9 Rules for Recovering from Relationship Mistakes
These nine ideas are critical to returning to a healthy relationship.
Posted January 13, 2016 | Reviewed by Abigail Fagan
Relationship mistakes—we all make them at one time or another. But you can pick yourself back up and recover from even the biggest failures if you keep a few simple ideas in mind:
1. Your partner is your equal.
People who tell their partner what they should be doing, or when, have forgotten this deceptively simple idea. Who says your way is the right way? Instead of dictating, organizing or educating your partner, focus on collaborating. Ask your partner’s opinion. Invite him or her into your thoughts and ideas. Be co-conspirators in creating the future you want to live together.
2. No matter what you have to say, you can say it respectfully.
We all feel anger, resentment, hurt and other difficult emotions at times in our relationship. We should. Living with another person is hard! But no matter how painful the emotion, your partner still deserves to hear about your feelings in a way that is respectful. According to relationship expert John Gottman, couples who bounce back from fights are those who learn how to fight respectfully, and how to give and accept "bids for repair."
3. People are more important than things.
When you were dating, you focused on each other. Now that you have more responsibilities—children, a home, and more—it’s quite possible that you spend more energy on getting things done than you do on each other. To recover from relationship problems, it’s critical to set aside time to attend only to each other in a way that reinforces how much you care. Doing this might range from little rituals you create (bringing coffee to your partner in bed each morning) to spending a great deal of time learning how to do something new together. Make sure you focus on each other, and what you choose should make you feel positive, make you laugh, or reinforce your love.
4. It takes two to have a relationship.
Sadly, one go-to strategy for dealing with escalating relationship problems is to hide from them. Particularly for men, avoiding conflict or touchy topics can feel better than addressing them. This is a mistake that often leads to an increase in pursuit from the other partner, who doesn’t appreciate the lack of participation in solving the problem at hand. To recover, couples must re-engage. A relationship counselor can help you do this.
5. Good communication is not a given, but a skill that must be practiced.
Inconsequential conversations are easy to have. It’s the interactions around difficult emotions that are so hard. There is no short-cut to learning how to have these conversations. You must learn how to express what you think constructively and without aggression, learn how to listen carefully and non-defensively, and use tools to verify that you are both talking about the same thing. This takes time and practice, and don’t let anyone tell you otherwise!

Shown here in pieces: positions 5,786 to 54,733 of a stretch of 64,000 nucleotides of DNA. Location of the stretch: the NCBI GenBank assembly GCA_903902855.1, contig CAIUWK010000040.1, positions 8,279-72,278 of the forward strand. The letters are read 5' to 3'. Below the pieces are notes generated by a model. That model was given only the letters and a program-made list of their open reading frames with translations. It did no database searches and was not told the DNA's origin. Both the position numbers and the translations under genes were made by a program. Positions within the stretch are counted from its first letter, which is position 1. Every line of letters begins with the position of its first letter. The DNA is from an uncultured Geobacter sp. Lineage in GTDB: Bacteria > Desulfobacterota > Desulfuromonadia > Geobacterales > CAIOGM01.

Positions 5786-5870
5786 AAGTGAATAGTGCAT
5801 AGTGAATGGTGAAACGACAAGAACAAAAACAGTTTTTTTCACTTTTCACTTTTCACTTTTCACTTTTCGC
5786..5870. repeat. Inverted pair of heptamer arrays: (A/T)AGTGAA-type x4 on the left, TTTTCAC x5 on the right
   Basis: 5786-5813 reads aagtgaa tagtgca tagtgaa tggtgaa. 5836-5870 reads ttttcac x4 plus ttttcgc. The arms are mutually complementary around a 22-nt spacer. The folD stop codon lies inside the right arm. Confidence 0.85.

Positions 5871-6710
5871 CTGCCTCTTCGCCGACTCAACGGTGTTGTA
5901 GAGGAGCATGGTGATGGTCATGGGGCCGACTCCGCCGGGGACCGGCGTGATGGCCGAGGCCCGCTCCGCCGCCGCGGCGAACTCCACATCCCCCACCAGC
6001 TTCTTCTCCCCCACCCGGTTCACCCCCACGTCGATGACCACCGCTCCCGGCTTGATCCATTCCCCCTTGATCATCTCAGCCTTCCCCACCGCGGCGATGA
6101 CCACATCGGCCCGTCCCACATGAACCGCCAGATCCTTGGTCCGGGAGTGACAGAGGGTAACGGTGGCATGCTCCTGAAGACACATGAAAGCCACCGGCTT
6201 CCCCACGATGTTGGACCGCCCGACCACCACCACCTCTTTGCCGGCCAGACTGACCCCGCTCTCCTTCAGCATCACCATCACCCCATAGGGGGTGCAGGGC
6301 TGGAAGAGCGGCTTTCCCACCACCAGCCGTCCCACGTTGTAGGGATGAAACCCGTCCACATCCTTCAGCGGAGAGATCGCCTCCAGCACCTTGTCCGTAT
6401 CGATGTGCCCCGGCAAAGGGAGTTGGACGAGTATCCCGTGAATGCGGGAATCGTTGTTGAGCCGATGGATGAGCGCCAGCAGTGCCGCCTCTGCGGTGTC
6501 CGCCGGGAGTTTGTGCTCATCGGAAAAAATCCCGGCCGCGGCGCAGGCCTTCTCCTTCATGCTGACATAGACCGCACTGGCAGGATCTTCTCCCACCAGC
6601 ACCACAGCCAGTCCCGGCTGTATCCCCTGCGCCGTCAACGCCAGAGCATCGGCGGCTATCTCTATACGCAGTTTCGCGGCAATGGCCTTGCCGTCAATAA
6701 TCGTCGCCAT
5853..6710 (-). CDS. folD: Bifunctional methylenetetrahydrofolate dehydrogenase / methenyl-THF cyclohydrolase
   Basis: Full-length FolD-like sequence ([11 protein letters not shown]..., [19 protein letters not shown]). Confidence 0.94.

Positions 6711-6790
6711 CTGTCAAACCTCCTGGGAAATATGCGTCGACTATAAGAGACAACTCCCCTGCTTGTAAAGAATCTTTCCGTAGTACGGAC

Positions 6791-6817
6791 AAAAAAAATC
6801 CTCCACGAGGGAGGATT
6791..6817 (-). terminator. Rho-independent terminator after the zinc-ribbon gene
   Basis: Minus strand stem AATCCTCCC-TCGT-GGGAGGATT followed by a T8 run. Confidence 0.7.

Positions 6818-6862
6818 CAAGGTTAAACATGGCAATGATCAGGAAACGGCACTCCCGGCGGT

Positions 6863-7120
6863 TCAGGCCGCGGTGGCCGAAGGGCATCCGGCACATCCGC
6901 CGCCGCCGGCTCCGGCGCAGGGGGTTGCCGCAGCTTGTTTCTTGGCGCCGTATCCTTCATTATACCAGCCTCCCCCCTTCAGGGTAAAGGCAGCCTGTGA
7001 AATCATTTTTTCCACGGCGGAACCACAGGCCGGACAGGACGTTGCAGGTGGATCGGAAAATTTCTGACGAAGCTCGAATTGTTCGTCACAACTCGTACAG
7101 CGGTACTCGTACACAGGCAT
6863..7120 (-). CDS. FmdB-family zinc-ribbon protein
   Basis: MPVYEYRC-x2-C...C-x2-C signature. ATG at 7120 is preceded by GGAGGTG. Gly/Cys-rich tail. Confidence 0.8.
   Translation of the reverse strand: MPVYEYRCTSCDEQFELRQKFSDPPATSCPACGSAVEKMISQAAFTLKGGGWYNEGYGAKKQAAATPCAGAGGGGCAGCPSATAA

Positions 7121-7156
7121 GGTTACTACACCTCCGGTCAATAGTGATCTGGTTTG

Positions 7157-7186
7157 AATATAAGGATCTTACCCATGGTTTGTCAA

6. There is such a thing as a bad apology. Don't make one.
Repairing your relationship after some sort of mistake or hurt is one of the best things you can do. But too many people unwittingly try to do this with a bad apology. Here’s an example: “I’m so sorry I got mad at you, but you really triggered me.” That’s not an apology—that’s blame! You can recognize a bad apology because it almost always includes the words "but" or "because." Instead, apologize by owning your mistake or behavior and putting forward a plan to help prevent the same thing from happening again in the future.
7. You are responsible for your own happiness.
Committing to another is not the same as relying on that person to make you happy. Yes, being with your partner can be a happy experience, but seeking out your own satisfaction is your job and yours alone. Couples who merge too closely tend to be less happy than those who understand that they are differentiated individuals who complement each other. Don't hand responsibility for your happiness over to anyone else.
8. Forgiveness is a gift you give yourself.
One of the most useful tools in relationship repair is forgiveness. If you can find the empathy to forgive yourself for mistakes you made, or forgive your partner for his, you clear the way for being able to constructively figure out how not to make that mistake again. Conversely, if you hold onto anger or resentment, these will be impediments to moving forward.
9. Sex is the canary in the mine.
Desire is mysterious, but one thing is for sure—it’s highly sensitive to the state of your union. If your sex life is struggling, chances are that there are larger issues to uncover and heal. Don’t panic, but seek help to understand what those problems are early on, before they become too entrenched.